WebHeader_Grove.png
Play Live Radio
Next Up:
0:00
0:00
Available On Air Stations
Get entered to win tickets to Paul McCartney at Fenway June 8th with your gift today!
NH News

From Alton Woods to Broken Ground Trails, retracing the last movements of slain Concord couple

A photo of an entrance to a brick building, flanked by trees.
Cassidy Jensen
/
Concord Monitor
Wendy and Steve Reid, a Concord couple found shot to death on April 21, lived in the Alton Woods apartment complex off Loudon Road.

At the Alton Woods apartments, tucked behind a row of chain restaurants and across from the Steeplegate Mall on busy Loudon Road, a mix of retirees, families and young people share a 41-acre property surrounded by trees.

The complex, with locked buildings, covered car-ports and bench-lined roads, boasts “Contemporary living in a country setting.”

Set back from the roar of Concord’s commercial and retail corridor, residents can enjoy an outdoor pool, playground, car wash and sauna without leaving the apartment complex.

Steve and Wendy Reid returned to Concord three years ago and retired at Alton Woods. Last week, the outdoorsy couple in their 60s went for a walk at nearby Broken Ground trails. Their bodies were found days later. They were killed by multiple gunshots and their deaths were ruled a double homicide. Police are still investigating dozens of tips and no arrests have been made.

It’s not the only violent death to shake residents of the apartments. Last October, another Concord resident, 31-year-old Cody Tewell, was fatally shot there.

An autopsy showed that Tewell died from gunshot wounds in his head and neck in a case that the New Hampshire Attorney General’s Office has said is completely unrelated to the Reids’ murders. No one has been charged with shooting Tewell.

Renters at the complex pay between $1,355 and $1,460 for an unfurnished two-bedroom apartment or $1,180 to $1,215 a month for a one-bedroom located in one of more than a dozen buildings designed with brick accent walls next to white or blue wood paneling.

The complex owned by the Hodges Companies is large enough that residents can go unnoticed, but there are some signs of communal feeling, like the annual holiday balcony decorating contest advertised in a December newsletter.

On Monday night, children rode skateboards around Alton Woods Drive, the street that loops around more than a dozen three-story buildings, and raced to the complex’s basketball court that sits beside a swingset. As the sun set over the pine trees, a group of three adults chatted outside with a small dog. They had never met the Reids — there are hundreds of apartments in the complex — but called their deaths a tragedy.

Concord Police are working with the Attorney General, the New Hampshire State Police, New Hampshire Fish and Game and the Federal Bureau of Investigation to investigate the Reids’ deaths, according to Department of Justice Director of Communications Michael Garrity.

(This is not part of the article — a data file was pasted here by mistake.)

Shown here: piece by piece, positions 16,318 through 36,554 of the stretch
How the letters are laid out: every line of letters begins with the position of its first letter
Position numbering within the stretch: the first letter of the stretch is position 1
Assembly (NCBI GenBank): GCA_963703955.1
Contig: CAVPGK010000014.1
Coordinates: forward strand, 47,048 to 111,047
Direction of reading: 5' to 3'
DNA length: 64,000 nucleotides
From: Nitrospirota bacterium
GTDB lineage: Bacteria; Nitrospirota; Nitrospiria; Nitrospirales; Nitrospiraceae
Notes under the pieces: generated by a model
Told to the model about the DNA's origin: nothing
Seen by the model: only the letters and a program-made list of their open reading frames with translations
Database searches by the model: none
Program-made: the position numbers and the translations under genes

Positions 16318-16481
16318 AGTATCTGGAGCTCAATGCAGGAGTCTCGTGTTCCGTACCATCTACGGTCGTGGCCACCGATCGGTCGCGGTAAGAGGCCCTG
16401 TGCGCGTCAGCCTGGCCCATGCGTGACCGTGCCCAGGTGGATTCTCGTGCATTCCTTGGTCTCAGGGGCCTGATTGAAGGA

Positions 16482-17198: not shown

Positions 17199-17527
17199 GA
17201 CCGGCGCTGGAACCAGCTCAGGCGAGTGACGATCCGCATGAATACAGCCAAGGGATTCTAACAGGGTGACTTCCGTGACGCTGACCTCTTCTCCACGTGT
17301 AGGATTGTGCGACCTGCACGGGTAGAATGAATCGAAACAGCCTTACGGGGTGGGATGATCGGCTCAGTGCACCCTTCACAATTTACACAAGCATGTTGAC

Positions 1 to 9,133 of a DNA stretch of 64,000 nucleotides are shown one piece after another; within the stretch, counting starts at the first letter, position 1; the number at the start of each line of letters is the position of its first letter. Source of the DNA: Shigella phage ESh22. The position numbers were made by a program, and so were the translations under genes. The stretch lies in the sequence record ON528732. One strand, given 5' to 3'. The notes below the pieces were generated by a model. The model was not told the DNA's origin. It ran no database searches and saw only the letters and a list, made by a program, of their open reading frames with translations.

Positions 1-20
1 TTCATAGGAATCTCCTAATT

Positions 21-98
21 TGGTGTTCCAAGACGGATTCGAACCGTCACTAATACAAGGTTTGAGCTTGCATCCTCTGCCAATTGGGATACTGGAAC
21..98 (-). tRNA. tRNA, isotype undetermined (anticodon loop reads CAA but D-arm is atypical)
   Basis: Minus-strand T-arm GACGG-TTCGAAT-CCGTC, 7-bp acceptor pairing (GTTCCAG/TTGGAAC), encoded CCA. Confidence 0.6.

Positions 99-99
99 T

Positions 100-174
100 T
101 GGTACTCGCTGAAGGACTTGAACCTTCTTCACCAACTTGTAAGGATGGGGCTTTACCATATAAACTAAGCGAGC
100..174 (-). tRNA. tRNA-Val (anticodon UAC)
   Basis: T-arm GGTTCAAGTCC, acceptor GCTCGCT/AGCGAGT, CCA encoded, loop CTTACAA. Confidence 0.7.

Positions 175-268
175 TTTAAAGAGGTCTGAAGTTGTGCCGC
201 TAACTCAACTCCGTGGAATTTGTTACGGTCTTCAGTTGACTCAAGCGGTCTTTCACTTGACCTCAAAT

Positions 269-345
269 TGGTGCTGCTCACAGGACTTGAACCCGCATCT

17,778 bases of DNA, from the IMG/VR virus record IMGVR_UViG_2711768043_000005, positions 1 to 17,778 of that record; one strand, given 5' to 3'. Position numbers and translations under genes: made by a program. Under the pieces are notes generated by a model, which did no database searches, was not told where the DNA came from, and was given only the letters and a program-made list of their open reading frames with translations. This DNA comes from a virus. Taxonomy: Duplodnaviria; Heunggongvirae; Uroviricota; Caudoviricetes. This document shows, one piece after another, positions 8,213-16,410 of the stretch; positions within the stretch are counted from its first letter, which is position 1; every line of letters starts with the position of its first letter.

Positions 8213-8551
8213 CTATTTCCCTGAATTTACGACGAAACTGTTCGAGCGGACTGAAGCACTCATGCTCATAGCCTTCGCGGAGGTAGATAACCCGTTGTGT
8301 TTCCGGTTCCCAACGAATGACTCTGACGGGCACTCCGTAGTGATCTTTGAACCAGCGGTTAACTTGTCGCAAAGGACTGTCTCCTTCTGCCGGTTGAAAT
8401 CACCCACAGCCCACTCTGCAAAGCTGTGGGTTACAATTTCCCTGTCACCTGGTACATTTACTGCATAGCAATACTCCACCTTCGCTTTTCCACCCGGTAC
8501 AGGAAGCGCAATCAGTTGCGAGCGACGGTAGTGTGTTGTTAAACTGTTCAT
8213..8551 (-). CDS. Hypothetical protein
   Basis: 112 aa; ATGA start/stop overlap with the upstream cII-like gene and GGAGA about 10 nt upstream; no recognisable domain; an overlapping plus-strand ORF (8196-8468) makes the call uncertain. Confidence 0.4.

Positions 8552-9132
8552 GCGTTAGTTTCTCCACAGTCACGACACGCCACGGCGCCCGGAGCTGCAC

“New Hampshire is a small state and we regularly work with, and are assisted by numerous local, state, and federal agencies when it comes to significant homicide investigations,” Garrity wrote in an email to the Monitor.

Last week, the Reids left for a walk on Monday afternoon just before 2:30 p.m., headed for the Broken Ground trails. The city of Concord’s website says the trails stay relatively dry during mud season.

The direct route from Alton Woods to the trailhead is about a 30-minute walk, a mile-and-a-half long. Brian Reid, the couple’s son, said in an email to the Monitor last week that his parents had left their phones at home when they disappeared. Steve Reid’s wallet was still inside the apartment on Wednesday, when the family reported the couple missing to police.

News vans and police cruisers have filled a small parking area at the Marsh Loop trailhead since the Reids’ bodies were found near the trail.

The start of the trail passes closely behind some homes along Portsmouth Street, but the sound of traffic from Interstate 393 can drown out other sounds.

Police left behind blue, orange and pink tape delineating areas for gathering evidence. Some of the trees are tagged right along the trail, which passes through an open space under power lines before turning into a wooded area. Flags continue into a marshy area near the power substation and farther into another patch of trees.

Concord Police are asking for information from anyone hiking on the Broken Ground trails on Monday, April 18, and from residents who have security cameras that may have recorded the Reids on Monday. Garrity said that police had received 60 tips on the crimeline by Monday afternoon.

These articles are being shared by partners in The Granite State News Collaborative. For more information visit collaborativenh.org.

You make NHPR possible.

NHPR is nonprofit and independent. We rely on readers like you to support the local, national, and international coverage on this website. Your support makes this news available to everyone.

Give today. A monthly donation of $5 makes a real difference.